Something I wrote a few months ago that I would just like to say again…
Originally posted on ipledgeafallegiance:
Those of us who work with children on a daily basis and who work with people who are less fortunate than ourselves get to see problems on an up close and personal level. All of us have problems. I think we can all agree on that. And all of us are children when you really think about it. We are all someone’s child aren’t we? Aren’t we always? Don’t you feel that child inside you when you think about your parents and grandparents and aunts and uncles no matter how old you are?
Teachers and nurses, social workers and psychologists and therapists and police officers and firemen and anyone who comes in contact with people in need or distress meet that child everyday, whether or not that person is an actual child or a grown-up who is having a particularly traumatic day. Life is about children and when you see the child in need on a daily basis you can’t help but feel the need to help. You can’t help but experience the enormity of the need that is out there and you realize that it is on this level, the personal level, where things need to get done, where help and medicine and love need to be dispensed. This is where the effort needs to be redoubled and applied and expanded.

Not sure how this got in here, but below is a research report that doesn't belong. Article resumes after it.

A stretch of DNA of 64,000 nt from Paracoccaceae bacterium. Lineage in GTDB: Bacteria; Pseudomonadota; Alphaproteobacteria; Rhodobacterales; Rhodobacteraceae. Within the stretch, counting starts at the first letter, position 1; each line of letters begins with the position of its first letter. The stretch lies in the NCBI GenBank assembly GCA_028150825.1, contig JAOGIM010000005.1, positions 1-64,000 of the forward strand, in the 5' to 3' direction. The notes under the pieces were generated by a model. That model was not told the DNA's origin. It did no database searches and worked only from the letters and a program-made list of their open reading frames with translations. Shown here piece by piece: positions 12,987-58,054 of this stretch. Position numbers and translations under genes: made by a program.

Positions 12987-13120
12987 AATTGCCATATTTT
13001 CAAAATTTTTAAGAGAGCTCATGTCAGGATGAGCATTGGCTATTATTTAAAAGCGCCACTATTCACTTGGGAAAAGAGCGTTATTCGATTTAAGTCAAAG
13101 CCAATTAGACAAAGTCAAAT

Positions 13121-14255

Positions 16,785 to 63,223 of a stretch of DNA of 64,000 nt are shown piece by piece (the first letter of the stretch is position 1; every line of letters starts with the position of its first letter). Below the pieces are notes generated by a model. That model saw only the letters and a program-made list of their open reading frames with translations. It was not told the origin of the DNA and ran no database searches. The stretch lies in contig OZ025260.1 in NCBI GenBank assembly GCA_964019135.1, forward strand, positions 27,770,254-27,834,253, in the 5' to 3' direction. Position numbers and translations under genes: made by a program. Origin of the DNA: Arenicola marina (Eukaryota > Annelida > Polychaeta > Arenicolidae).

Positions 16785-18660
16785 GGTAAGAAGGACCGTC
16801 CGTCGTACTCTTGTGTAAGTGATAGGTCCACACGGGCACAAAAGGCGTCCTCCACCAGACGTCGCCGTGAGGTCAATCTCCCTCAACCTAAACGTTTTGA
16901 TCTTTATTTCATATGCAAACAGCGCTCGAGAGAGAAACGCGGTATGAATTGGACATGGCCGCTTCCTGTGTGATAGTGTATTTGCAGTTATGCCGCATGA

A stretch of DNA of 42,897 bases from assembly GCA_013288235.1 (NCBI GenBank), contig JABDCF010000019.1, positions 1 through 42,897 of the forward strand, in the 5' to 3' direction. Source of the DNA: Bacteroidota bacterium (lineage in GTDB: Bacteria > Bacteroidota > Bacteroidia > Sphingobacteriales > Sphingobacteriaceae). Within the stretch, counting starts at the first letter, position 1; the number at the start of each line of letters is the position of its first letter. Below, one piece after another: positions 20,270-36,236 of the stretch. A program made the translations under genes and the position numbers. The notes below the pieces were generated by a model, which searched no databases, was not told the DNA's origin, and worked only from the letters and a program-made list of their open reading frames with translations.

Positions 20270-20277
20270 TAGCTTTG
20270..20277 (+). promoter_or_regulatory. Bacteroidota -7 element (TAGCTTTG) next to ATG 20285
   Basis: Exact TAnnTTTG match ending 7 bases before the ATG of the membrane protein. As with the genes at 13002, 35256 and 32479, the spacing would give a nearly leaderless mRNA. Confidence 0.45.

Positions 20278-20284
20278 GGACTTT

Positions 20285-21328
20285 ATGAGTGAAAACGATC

The further one moves away from this personal level, from being in the trenches, if I may use a familiar expression, the more difficult it is to comprehend what needs to get done, the harder it is to discern the problem at all. As we move from the realm of the worker who toils on the social level through to the realms of the administrators and politicians and members of society who live further and further away from these children in need, the conditions in those trenches seem trivial and remote and inconsequential…and from that distance, that safe distance, it’s so easy to say, “That’s not my problem. That’s their problem. What am I supposed to do? Let them take care of themselves over there, the way I take care of myself over here.” But it’s always those distant generals who are the ones empowered with the responsibility and who wield the resources necessary to make the decisions and find the solutions for those ever more distant sufferers. And because these policy setters and solution makers are so far removed from the blemished, acned situations of real life, they don’t see the blemishes or feel the urgencies or sense the simple humanity of the problems many people face. And as a result their compassion waxes and wanes, if it is ever moved to grow at all. And so the solutions begin to lose clarity and vanish as their field of vision grows ever more distant and the problems become ever more confusing and confounding until Poof! The problem is so far away that it has seemingly disappeared.